Using Design Thinking for More Productive Brainstorming - Archive of IC Blog

Using Design Thinking for More Productive Brainstorming

It’s a Thursday afternoon. A customer has presented your team with a unique problem that requires a more innovative solution. Rather than hope you have a stroke of brilliance on your own, you rally up your team and decide to hold a brainstorming session. Multiple brains are better than one, right?

Fast forward. You’ve been in a room for over an hour with 13 other people. You’re hungry. You’re tired. Your bladder is starting to scream at you. And yet, there are still no solid ideas, let alone good ideas, to work off of.

What happened?

It’s difficult to get brainstorming right.

When done properly, brainstorming is an exciting way to generate ideas and foster innovation and collaboration. When done poorly, it sets the stage for intimidation, decreased productivity, and stress.

If you fail to plan, you plan to fail
If you are going to call a brainstorming meeting you need to plan three things: a goal, a time limit, and an action plan. 

Have a goal

A goal gives your team something to strive for.
If possible, give your team some heads-up on the goal before you gather into your closest conference room. They can use this time to think of ideas on their own, and there will be less of a chance you will start the meeting staring at one another in silence.

Set a time limit

A time limit adds structure to your session.
Dedicate time in the beginning to define the problem you’re solving, and leave enough time at the end to summarize and create an action plan.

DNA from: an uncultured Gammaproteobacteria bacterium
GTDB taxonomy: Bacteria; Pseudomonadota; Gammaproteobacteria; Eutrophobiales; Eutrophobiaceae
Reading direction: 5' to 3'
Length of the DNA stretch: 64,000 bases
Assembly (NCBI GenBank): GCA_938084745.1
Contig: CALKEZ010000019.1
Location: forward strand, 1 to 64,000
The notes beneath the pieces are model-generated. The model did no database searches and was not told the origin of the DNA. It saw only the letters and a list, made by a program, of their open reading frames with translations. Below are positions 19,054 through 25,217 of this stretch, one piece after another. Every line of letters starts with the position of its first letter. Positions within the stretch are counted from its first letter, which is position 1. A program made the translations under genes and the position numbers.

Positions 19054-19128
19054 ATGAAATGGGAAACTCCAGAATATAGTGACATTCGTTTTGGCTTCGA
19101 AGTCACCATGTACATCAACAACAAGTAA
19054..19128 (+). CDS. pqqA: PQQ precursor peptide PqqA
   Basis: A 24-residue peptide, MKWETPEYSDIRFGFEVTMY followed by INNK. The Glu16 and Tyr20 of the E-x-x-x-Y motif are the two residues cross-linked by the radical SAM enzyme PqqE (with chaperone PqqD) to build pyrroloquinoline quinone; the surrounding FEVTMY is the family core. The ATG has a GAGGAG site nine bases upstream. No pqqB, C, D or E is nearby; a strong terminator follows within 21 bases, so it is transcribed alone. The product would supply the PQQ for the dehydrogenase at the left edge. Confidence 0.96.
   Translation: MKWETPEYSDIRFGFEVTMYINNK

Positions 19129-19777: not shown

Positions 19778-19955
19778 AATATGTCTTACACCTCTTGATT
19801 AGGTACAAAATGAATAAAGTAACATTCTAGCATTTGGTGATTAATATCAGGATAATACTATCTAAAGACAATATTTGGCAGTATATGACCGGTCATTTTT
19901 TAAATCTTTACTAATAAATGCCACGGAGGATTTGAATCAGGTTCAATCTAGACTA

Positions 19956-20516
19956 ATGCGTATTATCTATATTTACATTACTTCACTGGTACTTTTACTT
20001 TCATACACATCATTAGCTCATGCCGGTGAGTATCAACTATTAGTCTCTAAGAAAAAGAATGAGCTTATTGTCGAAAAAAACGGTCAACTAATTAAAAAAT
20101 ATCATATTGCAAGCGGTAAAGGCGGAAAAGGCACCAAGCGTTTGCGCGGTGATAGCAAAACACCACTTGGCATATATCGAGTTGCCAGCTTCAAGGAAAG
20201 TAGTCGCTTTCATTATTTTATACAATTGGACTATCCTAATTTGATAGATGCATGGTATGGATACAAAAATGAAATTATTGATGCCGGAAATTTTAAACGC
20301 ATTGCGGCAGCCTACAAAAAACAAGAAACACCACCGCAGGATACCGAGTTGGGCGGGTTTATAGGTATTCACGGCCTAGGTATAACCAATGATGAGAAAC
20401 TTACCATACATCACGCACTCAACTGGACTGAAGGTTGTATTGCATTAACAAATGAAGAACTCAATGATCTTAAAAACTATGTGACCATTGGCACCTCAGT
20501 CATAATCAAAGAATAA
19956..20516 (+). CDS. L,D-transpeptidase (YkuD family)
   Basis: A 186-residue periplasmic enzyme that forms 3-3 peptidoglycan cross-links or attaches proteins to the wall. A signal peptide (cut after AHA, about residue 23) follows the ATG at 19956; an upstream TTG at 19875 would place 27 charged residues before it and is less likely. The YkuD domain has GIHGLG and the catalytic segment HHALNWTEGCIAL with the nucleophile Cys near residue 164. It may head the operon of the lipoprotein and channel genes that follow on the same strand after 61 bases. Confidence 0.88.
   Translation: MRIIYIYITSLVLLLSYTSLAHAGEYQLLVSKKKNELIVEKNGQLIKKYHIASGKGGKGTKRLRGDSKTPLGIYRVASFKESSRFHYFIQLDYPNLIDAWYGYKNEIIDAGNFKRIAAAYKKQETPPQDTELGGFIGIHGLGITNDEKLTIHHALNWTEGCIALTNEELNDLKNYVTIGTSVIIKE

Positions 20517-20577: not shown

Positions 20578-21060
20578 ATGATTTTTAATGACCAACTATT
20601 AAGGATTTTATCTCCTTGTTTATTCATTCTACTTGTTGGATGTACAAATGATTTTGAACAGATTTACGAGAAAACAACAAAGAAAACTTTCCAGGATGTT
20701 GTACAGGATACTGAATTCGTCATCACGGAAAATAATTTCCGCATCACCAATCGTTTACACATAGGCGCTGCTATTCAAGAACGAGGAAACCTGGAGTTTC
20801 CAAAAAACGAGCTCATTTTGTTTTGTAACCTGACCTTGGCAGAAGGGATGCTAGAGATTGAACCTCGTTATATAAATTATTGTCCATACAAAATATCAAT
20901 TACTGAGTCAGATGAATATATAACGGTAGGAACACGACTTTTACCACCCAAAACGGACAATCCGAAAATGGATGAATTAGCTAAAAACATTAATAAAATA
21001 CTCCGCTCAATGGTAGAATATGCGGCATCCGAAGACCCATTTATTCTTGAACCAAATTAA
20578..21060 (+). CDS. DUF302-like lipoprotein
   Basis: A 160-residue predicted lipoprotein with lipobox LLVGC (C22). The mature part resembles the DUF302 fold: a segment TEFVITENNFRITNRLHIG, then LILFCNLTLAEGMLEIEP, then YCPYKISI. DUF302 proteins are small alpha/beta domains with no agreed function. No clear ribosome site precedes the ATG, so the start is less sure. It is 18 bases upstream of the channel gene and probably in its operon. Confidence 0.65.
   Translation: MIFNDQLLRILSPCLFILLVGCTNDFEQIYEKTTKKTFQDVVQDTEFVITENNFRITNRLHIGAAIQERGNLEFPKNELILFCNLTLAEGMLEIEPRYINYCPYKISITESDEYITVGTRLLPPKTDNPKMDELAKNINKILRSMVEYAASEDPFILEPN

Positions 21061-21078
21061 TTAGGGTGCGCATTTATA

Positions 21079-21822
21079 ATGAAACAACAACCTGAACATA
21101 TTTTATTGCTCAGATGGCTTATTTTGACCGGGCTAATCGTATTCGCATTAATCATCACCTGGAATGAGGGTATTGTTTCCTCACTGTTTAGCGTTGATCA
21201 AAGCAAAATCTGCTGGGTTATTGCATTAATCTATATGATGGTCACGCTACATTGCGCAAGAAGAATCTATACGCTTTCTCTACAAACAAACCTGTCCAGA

Create a follow up plan

An action plan provides next steps for your team.
Weed through the ideas you’ve come up with, select a few of the top ideas, delegate action items for them, and set a deadline for a follow-up. There’s nothing worse than sitting in the same meeting two or three times in a row, to discuss the same topic, because no action plan was set up after the first one.

Embrace Vulnerability
Comfort Zone We all have that voice in the back of our heads that chimes in at inopportune times. The one that tells us “that idea is stupid” or “you’re not smart or informed enough to give an opinion on that.” Brené Brown calls that voice a “shame gremlin,” and it feeds into the uncertainty and fear that comes with being vulnerable.

Embracing vulnerability is hard. But it is only when we lean into the discomfort of vulnerability that true innovation is born.

“I would challenge anyone to point to any act of innovation that was not born of vulnerability, that was not born of putting an idea on a table that half the people in the room thought was stupid. That the other half questioned. If the idea makes sense to everyone right away, there’s nothing innovative about it.”

Researcher Brené Brown

Suspend Judgement: Avoid the “Whack-a-Mole Experience”
Nothing can kibosh brainstorming faster than immediately crushing someone’s idea the moment it is introduced. This is intimidating and reduces the likelihood that others will want to participate. Give people the chance to be heard. By suspending judgment participants will feel more comfortable to generate creative ideas. It’s important to learn to challenge ideas instead of dismissing them outright.

“If you think you’re the smartest person in the room, you’ve just proved that you’re not.”

Daniel Pink

So, What is Design Thinking?

Design Thinking is a process for creative problem-solving. It uses creative activities to foster collaboration and solve problems in human-centered ways. 

“Thinking like a designer can transform the way organizations develop products, services, processes, and strategy.”

Tim Brown, IDEO

There are 5 stages of Design Thinking: